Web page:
Matthew Holt Interviews Brad Fluegel of Health Evolution Partners
Brad Fluegel is the Executive-in-Residence at Health Evolution Partners, and he’ll be speaking about commercializing and scaling Health 2.0 on the Investors & Incubators panel at Spring Fling: Matchpoint Boston. Health Evolution Partners is a health care private equity firm that buys and invests in rapidly growing companies that are commercial leaders in the industry. Read the Spring Fling: Matchpoint Boston interview series here.
Matthew Holt: Before we get into what you’re doing now, why don’t you tell people what you used to do until relatively recently at WellPoint, and also other places in between?
Brad Fluegel: I had a long career, primarily in the health plan industry, but before joining Health Evolution Partners last year, I was the Executive Vice President and Chief Strategy and External Affairs Officer for WellPoint, and responsible for strategy, M&A, and then a variety of external affairs functions including public policy, our lobbying activity at the Federal State level, communications, marketing as well as a variety of strategic ventures that we wanted to integrate outside of the core business. And then before that, I ran the Strategy Group at Aetna, and also ran the National Accounts business at Aetna. Prior to that, I was a consultant in the industry for a number of years.
Matthew Holt: So you came to [Health Evolution Partners] from a large health care corporation background. You’ve seen the challenges of innovation changing and also various outside political ramifications around the whole health care business. Tell us about the move to Health Evolution Partners and why that came about?
Brad Fluegel: I was a consultant as part of Ingenix, so I have been in three out of four big insurance companies, and I certainly saw the need to do something that’s focused a little bit more on earlier stage companies that were really trying to build businesses that will restrict some of the problems within health care, and do that a little bit more flexibly than what’s often the case within big company environments.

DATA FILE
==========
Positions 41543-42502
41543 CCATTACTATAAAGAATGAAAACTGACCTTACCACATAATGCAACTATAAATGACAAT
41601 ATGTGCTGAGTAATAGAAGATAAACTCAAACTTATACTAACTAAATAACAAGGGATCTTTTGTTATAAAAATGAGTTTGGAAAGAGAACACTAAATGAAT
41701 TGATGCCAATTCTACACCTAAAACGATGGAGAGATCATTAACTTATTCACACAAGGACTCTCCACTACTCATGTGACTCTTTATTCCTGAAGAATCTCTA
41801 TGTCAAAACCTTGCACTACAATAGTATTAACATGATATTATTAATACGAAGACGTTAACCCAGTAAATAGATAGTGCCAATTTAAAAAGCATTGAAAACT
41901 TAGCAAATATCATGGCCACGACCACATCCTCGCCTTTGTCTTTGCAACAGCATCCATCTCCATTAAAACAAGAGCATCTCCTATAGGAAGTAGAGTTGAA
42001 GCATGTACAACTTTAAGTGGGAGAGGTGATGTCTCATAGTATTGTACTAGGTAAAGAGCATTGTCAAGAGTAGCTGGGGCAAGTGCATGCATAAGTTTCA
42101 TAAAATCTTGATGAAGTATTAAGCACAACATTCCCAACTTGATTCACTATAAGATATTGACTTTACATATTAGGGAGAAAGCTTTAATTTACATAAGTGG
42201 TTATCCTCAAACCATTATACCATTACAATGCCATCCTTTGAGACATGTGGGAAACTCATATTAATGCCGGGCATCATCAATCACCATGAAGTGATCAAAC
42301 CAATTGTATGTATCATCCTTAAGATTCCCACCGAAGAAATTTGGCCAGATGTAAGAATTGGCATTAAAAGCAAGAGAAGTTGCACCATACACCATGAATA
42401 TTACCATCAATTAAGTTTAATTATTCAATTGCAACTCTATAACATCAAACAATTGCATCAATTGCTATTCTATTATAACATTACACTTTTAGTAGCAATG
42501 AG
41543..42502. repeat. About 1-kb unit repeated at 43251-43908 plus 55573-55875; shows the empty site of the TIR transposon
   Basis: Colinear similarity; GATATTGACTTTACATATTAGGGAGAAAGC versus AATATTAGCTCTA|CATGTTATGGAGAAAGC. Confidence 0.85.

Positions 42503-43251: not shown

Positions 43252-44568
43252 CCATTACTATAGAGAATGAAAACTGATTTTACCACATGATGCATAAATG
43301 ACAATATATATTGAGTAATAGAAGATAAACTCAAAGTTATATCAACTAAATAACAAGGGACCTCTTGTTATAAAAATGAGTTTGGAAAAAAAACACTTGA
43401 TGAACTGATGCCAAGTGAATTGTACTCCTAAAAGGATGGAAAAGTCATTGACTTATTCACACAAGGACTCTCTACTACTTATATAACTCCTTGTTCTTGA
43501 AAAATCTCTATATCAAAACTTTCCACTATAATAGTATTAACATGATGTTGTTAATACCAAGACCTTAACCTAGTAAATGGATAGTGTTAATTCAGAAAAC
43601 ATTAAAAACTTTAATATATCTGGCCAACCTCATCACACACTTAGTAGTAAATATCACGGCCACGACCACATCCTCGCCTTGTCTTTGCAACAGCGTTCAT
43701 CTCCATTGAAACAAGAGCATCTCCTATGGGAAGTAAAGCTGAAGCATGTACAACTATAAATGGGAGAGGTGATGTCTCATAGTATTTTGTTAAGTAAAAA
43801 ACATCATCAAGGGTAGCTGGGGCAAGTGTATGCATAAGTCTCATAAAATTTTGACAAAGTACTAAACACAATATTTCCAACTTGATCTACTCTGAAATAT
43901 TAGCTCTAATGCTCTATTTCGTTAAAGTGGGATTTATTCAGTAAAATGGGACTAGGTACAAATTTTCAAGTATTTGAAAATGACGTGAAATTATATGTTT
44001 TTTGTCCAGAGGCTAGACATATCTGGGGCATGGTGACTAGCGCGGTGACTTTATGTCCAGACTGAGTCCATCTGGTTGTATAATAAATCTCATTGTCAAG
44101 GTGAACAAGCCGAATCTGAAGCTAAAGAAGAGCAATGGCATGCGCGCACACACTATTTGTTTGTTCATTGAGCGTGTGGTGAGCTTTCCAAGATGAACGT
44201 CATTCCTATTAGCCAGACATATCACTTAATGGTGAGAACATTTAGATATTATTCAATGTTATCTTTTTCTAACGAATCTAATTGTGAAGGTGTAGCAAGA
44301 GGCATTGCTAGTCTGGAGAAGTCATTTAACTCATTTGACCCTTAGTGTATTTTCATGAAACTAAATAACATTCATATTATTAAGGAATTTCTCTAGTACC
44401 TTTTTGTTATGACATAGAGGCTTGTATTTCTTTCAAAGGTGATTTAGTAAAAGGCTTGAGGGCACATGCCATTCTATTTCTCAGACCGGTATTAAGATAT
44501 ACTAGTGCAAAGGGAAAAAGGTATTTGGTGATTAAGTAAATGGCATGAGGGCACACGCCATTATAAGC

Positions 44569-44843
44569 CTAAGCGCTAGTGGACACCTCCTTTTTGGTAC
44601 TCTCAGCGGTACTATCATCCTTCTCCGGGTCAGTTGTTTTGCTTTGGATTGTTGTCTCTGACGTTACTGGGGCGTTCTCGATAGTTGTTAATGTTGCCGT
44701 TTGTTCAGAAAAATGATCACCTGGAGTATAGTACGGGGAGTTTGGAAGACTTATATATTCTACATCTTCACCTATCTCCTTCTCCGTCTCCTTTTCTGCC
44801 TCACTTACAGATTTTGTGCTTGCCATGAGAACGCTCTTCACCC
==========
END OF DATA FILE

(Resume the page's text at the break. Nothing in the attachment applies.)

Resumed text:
So it seemed like a great next step for me to spend some time in a private equity firm, that’s focused in the health care industry and on trying to identify and support and find the next big ideas of health care.
Matthew Holt: Health Evolution Partners a little bit unusual compared to many of the VC firms or private equity firms. So can you give us sort of quick summary of both the philosophy and the activity that helps, perhaps to be active?
Brad Fluegel: It’s a $500 million fund and it’s the sole limited partner, at this point, to CalPERS. So it’s really a way for CalPERS to get broad exposure to the health care landscape. And so the funding has two component parts. One is the fund-of-funds approach, which where we are a limited partner in a variety of VC and credit facility kinds of companies like Silos, Cardinal, Chrysalis and the like, and that gives us a little bit of exposure to very early stage companies as well as other vehicles for getting exposure to health care landscape more broadly.
On the gross equity side we are generally looking for companies with $20-100 million of revenue. So have teams that are focused on health information technology, life sciences and services. These are companies that are primarily selling services into hospitals or into managed care organizations.
Matthew Holt: In terms of those early stage companies–the ones that trying to sort of get over the chasm and get from the first round of VC and really get into the market–what kinds are you promoting and what healthcare technology do you think is the most exciting at the moment?
Brad Fluegel: Obviously, the big issue in health care remains affordability. I know there’s certainly a lot of noise around Supreme Court rulings and Medicaid expansions and everything else. But at the core of what the major issues for individuals and families and employers and the government (both Federal and state), is how we’re going to pay for this expensive system.
And so, what we’re looking for generally, are companies that can help address and solve that problem…whether that is technology that enables more efficient administration across the system or that provides constant decision support to help physicians practice medicine more effectively, or support for consumers that will allow them to take better care of their health.